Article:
Defendant demonstrated a subjective expectation of privacy in the activities she conducted inside her home. The grow rooms found in her garage were walled off, and the view by visitors into the rest of her house from the living room was blocked by bedsheets hung over the doorways. We find that society recognizes as reasonable an expectation that the heat generated from within a private residence may not be measured by the government without a warrant permitting such a search. In this instance the warrantless thermal scan of defendant's home was an unreasonable search prohibited by the Fourth Amendment.
2. Sufficiency of the Affidavit
Defendant maintains that without the results of the impermissible thermal scan made of her residence the affidavit providing a basis for issuance of the search warrant falls short of establishing probable cause. Probable cause is a “strong suspicion” that what is being sought will be in the location to be searched. (Wimberly v. Superior Court (1976) 16 Cal.3d 557, 564, 128 Cal.Rptr. 641, 547 P.2d 417.) The magistrate who issues the warrant must conclude whether, given the totality of the circumstances set out in the affidavit, there is a fair probability that the evidence sought will be located at the scene of the search. (Illinois v. Gates (1983) 462 U.S. 213, 238–239, 103 S.Ct. 2317, 2332–2333, 76 L.Ed.2d 527.) On appeal we accord the magistrate's determination great deference, inquiring only whether there was a substantial basis to conclude that the warrant would uncover evidence of crime. (Id. at p. 236, 103 S.Ct. at p. 2331.)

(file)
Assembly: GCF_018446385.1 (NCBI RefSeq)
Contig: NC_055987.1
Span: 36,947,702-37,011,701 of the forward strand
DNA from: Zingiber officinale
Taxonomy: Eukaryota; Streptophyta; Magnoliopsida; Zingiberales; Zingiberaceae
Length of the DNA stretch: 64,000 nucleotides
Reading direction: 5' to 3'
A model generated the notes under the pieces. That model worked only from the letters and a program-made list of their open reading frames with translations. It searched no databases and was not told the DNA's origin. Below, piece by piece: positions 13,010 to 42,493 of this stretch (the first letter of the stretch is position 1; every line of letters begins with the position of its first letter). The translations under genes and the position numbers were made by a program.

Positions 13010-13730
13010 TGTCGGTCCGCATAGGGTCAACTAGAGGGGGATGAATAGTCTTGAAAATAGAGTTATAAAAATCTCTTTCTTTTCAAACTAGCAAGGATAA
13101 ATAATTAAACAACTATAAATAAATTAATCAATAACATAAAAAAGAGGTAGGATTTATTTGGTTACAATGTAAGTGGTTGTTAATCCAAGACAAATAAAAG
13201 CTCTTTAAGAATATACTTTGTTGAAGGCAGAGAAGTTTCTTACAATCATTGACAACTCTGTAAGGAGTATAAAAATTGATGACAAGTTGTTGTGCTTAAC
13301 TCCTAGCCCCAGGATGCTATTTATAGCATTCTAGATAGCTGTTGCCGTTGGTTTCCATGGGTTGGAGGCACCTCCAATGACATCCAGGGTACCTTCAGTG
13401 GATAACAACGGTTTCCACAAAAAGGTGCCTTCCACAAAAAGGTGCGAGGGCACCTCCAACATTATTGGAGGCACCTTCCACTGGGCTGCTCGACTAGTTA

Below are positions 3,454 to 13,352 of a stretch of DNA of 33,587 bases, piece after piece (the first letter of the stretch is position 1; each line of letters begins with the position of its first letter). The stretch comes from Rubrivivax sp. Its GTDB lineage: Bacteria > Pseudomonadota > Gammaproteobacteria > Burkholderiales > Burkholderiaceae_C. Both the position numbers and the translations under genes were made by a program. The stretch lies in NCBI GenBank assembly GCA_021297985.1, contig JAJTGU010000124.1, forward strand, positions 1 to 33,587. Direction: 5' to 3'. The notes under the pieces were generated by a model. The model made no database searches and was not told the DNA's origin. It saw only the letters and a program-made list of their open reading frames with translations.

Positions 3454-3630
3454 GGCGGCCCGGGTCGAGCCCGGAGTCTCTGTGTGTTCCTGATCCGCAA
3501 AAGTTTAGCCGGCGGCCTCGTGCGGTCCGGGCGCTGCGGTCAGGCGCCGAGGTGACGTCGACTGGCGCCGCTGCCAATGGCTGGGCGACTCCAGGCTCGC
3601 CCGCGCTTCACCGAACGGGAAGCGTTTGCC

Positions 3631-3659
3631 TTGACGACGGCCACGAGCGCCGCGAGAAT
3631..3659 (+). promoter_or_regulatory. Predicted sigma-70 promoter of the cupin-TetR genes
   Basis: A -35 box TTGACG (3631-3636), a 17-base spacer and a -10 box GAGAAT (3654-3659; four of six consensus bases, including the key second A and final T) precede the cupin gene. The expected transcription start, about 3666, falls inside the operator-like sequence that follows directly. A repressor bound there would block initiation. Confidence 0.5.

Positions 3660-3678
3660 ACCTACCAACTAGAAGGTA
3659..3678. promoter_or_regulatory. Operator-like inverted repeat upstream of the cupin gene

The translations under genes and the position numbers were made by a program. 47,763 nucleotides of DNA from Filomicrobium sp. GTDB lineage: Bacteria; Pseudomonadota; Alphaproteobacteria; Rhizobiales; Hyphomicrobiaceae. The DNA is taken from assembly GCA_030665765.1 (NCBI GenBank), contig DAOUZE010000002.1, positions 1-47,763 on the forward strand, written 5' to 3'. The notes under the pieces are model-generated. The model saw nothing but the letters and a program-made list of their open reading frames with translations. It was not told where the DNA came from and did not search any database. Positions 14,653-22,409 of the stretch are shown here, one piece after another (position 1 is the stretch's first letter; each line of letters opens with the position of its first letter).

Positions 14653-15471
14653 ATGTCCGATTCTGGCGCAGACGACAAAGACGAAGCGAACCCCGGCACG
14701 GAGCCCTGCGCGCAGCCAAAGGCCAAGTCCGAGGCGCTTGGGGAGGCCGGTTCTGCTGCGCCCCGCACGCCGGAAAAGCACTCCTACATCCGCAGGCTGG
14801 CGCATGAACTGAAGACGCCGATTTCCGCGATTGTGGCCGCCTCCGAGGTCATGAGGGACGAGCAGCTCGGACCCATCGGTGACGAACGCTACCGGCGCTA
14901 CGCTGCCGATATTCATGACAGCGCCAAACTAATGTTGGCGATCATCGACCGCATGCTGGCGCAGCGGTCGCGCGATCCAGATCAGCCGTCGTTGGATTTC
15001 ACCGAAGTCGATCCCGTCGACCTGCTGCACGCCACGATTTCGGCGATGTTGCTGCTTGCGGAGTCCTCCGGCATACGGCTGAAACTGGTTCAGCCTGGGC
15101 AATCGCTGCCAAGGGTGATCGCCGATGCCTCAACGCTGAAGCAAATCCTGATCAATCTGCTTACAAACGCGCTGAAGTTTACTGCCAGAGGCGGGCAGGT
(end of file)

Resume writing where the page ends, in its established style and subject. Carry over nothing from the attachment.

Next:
The affidavit submitted by Detective Watkins recounted that the confidential informant was not only given a small amount of marijuana while inside the home, but also detected “a heavy odor of marijuana” there. The informant also noted that doorways in the living room area were blocked by bedsheets. In addition to the information from the informant, Detective Watkins obtained with a warrant records of the electrical consumption at the residence. Those records showed that electrical consumption was “up to seven times the baseline quantity rate” which in the opinion of the officer was “extremely consistent with the indoor cultivation of cannabis.”
In his affidavit the officer recounted a considerable personal experience with narcotics investigations and arrests, including seven prior warrants for indoor growing of cannabis. The opinions of an experienced officer may legitimately be considered by the magistrate in making the probable cause determination. (People v. Tuadles (1992) 7 Cal.App.4th 1777, 1784, 9 Cal.Rptr.2d 780.) Given the totality of the information set out in the affidavit after excising the results of the thermal scan, we can say that there was a substantial basis to support a strong suspicion that there was evidence of a crime to be found in defendant's home.3 The trial court did not err in denying the motion to suppress/motion to traverse the search warrant.
3. Denial of Franks Hearing **
Although we hold that the warrantless use of the thermal imager upon defendant's residence violates the Fourth Amendment, we nonetheless affirm because even without the results of the thermal scan the affidavit provides a substantial basis for the magistrate's finding of probable cause to search. (Illinois v. Gates, supra, 462 U.S. at p. 238, 103 S.Ct. at p. 2332.)
The judgment of conviction is affirmed.
I concur with the result reached by my colleagues but respectfully disagree with their conclusion that the thermal scan of defendant's roof constituted an unreasonable search prohibited by the Fourth Amendment.